Describe the process of taking a book out of Frost Library.
Describe what it’s like to hit a tennis ball.
Describe what it’s like when you read this poem.
You were rewarded when you learned to balance paradoxes, to pull the string of ambiguity without snapping it, to keep the little plastic ball bobbing just above the straw that extended upwards from your lips toward the sky. But another way to put it is that you learned perversity, sinistrality, to coin a word. Always let the left hand remodel what the right hand is doing.
Despite some reservations, they allowed you to continue working in the field. This happened again and again until you are just where you are. You do what people used to be able to do but can’t anymore. And what is that, exactly? And can you imagine hearing something like that and feeling a spurt of unreflective pride. I do what people used to be able to do but can’t anymore.
It is a relief when, as you correct your manscript, when the readers have pointed you to a passage that could use more analysis. There is nothing easier for you than more analysis. You will get to the part about the major, and absent claims of the work later.
In the afternoons, you work for an hour (two during summer) on fiction. It is no wonder why. And it is unlikely that you will ever publish a single word of it. It is no wonder why.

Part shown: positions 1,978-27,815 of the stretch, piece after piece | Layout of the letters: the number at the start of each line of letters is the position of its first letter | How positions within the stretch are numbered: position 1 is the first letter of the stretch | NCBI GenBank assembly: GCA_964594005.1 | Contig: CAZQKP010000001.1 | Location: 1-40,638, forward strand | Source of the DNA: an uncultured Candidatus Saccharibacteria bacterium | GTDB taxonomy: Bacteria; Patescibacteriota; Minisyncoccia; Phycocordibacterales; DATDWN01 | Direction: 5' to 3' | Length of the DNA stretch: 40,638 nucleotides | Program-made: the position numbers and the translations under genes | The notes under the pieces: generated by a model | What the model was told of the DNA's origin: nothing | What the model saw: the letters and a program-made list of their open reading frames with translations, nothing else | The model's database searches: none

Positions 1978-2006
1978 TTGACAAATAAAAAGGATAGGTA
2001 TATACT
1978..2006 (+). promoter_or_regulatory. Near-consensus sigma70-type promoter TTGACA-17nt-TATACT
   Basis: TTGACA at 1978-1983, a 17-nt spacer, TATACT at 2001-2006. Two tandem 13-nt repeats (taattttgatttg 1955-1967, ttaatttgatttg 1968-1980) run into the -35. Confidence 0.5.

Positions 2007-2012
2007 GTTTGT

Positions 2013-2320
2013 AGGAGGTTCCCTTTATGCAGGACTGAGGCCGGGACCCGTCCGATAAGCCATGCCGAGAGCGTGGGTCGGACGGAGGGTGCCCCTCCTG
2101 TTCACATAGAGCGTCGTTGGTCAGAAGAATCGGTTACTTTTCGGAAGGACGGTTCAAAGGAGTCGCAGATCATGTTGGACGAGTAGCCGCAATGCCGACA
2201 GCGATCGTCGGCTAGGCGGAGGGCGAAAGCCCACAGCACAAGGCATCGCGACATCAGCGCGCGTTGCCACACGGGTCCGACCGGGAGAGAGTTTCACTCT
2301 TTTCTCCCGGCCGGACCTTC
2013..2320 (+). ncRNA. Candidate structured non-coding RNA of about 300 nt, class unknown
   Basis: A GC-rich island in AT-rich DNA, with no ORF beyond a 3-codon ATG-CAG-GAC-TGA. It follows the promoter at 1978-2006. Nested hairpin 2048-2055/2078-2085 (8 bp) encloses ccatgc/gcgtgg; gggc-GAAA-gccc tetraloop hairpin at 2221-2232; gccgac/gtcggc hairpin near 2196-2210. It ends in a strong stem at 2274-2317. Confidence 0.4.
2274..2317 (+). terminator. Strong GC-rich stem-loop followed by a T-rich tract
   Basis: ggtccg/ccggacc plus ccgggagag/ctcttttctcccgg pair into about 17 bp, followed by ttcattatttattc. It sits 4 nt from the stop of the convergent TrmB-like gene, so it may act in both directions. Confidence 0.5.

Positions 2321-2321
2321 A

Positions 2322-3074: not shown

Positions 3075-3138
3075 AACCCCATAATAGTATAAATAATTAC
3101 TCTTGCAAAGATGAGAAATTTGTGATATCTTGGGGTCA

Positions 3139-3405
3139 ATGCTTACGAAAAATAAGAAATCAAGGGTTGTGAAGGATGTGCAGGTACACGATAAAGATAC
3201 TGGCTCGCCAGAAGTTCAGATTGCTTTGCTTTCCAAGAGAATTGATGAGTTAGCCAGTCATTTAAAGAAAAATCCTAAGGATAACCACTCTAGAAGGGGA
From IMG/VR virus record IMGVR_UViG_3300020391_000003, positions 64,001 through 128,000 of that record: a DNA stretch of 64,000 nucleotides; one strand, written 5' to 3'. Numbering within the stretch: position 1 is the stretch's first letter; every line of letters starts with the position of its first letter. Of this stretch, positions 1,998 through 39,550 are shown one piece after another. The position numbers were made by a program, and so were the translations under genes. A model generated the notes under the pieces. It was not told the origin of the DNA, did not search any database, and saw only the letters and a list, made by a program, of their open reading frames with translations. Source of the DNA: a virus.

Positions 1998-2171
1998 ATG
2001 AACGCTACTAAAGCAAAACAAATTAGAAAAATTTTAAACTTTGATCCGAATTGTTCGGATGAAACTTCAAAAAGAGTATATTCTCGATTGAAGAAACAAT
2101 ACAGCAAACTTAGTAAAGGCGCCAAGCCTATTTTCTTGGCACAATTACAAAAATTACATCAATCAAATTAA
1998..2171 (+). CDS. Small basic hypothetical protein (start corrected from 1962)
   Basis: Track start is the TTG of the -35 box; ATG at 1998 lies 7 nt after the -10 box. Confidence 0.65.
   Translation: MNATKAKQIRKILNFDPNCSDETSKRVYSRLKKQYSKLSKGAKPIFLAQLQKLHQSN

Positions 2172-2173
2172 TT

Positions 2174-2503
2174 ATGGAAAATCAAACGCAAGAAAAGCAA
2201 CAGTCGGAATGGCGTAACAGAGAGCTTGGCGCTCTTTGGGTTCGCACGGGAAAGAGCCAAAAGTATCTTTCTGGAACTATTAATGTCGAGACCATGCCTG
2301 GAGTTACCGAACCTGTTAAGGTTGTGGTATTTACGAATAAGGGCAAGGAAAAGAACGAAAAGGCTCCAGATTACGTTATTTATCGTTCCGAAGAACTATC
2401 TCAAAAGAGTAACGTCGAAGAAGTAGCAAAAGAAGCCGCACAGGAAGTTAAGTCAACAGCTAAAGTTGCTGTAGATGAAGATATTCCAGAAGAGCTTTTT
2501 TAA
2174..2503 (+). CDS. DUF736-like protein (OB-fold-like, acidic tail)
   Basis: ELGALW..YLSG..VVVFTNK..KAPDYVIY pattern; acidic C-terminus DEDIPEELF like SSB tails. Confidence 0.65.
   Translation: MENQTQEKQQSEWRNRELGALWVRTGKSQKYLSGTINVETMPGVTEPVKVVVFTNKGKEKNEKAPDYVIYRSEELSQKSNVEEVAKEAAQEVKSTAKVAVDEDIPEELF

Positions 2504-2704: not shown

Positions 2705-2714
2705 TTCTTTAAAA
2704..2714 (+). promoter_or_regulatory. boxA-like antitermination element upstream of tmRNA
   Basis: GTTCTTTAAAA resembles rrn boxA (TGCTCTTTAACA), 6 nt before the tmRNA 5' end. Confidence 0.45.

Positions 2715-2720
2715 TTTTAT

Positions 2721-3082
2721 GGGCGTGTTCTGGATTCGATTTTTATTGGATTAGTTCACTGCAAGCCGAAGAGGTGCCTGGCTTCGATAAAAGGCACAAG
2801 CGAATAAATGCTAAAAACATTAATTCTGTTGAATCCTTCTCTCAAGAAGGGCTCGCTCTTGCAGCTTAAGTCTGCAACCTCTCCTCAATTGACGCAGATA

Today you taught. You teach very well. At least they smile when they leave. They say nice things about you, very very nice things about you, when you’re not around to hear. You get a raft of Ph.D. students, here like the last place. When you teach, someone, always a female when it happens, almost always stops to thank you for your enthusiasm. No one, none of them, are enthusiastic. You are so enthusiastic. It’s such a breath of fresh air, your enthusiasm. You are enthusiastic, it is true. You are intense – everyone tells you you are intense. You took the first paragraph of the 1802 Preface to the Lyrical Ballads and showed them at least three extremely convincing but mutally contradictory ways to make Wordsworth into a parodoxicalist, an ironist, a dupe of haunting ambient ironies, or perverse. You love the Preface to the Lyrical Ballads because almost every paragraph of it contradicts itself in its own distinct way. The science of pleasure, the real but made, metrical but natural, poetry but prose but poetry but prose. The social and historical determination of art and thought, but mere idiosyncratic intensification of the timelessly common.